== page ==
Our colleague, Steve Mount, has been at the forefront of the Opportunity Zone program from its inception. He has written yet another insightful article in Bloomberg’s Tax Management Real Estate Journal describing the new guidance in more detail. Click here to read the article. You can read Steve’s earlier articles on Opportunity Zones here and here.
For those who still had doubts, the IRS has now made it crystal clear: You can still issue tax-exempt bonds to advance refund most taxable bonds. In other words, the much-lamented “repeal of tax-exempt advance refunding bonds” in the Tax Cuts and Jobs Act from December 2017 isn’t ironclad. The repeal prevents the issuance of tax-exempt bonds to advance refund only (1) other tax-exempt bonds and (2) a very limited subset of taxable bonds. The IRS expressed this conclusion in Chief Counsel Advice Memorandum 201843009, dated August 31 and released on October 26.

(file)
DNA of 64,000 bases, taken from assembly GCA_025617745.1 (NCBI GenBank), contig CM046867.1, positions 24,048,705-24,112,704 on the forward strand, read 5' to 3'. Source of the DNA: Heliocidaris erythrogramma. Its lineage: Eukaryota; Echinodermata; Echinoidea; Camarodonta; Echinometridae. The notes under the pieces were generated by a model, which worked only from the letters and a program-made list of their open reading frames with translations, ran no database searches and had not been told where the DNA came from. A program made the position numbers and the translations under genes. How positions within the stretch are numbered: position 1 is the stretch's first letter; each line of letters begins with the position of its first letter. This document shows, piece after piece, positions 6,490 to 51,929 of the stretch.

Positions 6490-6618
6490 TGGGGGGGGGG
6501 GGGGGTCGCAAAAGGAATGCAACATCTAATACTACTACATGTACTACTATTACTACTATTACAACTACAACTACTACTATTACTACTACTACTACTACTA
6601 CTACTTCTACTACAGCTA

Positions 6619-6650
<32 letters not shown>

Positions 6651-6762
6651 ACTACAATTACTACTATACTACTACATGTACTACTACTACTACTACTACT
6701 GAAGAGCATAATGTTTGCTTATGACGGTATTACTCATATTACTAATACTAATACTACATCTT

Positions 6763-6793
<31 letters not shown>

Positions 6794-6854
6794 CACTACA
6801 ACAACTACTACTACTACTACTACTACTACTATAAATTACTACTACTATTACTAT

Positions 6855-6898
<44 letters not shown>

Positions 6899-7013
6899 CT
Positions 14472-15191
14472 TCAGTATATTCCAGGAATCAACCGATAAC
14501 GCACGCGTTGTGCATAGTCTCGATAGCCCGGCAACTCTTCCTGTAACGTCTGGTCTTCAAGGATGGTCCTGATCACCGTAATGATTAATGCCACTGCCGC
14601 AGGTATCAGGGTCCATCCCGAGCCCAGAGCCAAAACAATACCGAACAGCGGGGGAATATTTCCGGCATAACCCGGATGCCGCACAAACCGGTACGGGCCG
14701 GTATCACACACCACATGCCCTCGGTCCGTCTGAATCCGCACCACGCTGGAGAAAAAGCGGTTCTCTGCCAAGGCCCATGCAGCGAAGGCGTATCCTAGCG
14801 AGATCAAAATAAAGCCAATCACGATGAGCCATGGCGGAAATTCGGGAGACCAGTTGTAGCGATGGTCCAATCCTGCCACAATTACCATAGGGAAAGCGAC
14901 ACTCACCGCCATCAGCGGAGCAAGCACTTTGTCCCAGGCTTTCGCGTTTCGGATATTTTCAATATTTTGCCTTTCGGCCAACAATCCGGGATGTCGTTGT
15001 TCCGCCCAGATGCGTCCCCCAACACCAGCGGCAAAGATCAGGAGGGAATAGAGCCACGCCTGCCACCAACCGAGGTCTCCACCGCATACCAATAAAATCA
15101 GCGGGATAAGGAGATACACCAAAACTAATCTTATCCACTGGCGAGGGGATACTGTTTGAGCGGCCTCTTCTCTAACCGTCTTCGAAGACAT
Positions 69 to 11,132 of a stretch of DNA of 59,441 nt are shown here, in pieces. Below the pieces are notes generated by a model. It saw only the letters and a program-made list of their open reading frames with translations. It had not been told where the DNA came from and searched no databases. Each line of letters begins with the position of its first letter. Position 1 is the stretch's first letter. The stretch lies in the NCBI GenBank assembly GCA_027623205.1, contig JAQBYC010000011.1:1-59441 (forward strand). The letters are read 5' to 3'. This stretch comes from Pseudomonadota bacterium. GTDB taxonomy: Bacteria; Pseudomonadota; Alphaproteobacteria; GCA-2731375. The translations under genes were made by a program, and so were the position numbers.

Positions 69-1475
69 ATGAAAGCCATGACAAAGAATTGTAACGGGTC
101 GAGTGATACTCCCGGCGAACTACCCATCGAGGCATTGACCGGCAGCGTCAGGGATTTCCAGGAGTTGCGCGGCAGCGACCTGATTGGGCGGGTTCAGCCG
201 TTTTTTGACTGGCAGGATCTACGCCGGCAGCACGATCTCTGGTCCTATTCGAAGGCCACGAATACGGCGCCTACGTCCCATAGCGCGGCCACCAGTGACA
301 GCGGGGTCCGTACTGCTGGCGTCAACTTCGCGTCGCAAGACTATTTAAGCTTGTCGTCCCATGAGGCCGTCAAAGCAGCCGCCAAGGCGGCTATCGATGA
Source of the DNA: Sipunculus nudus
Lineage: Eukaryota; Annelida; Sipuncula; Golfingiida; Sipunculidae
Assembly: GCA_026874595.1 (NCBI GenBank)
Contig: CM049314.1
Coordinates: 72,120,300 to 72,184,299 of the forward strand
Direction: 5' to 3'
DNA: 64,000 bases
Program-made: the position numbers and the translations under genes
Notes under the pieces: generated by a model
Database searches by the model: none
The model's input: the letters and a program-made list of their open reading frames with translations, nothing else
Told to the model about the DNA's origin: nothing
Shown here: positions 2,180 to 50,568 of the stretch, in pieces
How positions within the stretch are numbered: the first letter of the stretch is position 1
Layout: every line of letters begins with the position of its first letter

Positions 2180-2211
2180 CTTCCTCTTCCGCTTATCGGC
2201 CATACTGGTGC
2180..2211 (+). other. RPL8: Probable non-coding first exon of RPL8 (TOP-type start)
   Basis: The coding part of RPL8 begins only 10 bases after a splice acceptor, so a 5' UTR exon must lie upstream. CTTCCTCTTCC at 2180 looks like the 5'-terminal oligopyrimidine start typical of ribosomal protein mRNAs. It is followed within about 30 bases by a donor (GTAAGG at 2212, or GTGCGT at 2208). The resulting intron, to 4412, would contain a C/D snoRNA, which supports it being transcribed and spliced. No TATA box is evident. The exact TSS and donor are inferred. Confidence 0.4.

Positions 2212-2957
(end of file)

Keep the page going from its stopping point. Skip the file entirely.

Following the logic of this guidance, the only taxable bonds that can’t be advance refunded with tax-exempt bonds are taxable bonds that:
- Have a federal subsidy, such as Build America Bonds (i.e., “tax-advantaged bonds,” as defined in Reg. 1.150-1(b), that are not tax-exempt bonds) and
- Do not lose their subsidy at the time that the tax-exempt bonds that advance refund them are issued.
One way to force a tax-advantaged taxable bond to lose its tax advantage is to “legally defease” it, which happens in almost all advance refundings once the issuer deposits Treasury securities acquired with proceeds of the advance refunding bonds into the refunding escrow on the issue date. Perhaps the only exception – certain governmental bonds cannot be legally defeased under state law.
That’s the bottom line. Read on for a little more about this guidance and the history behind it.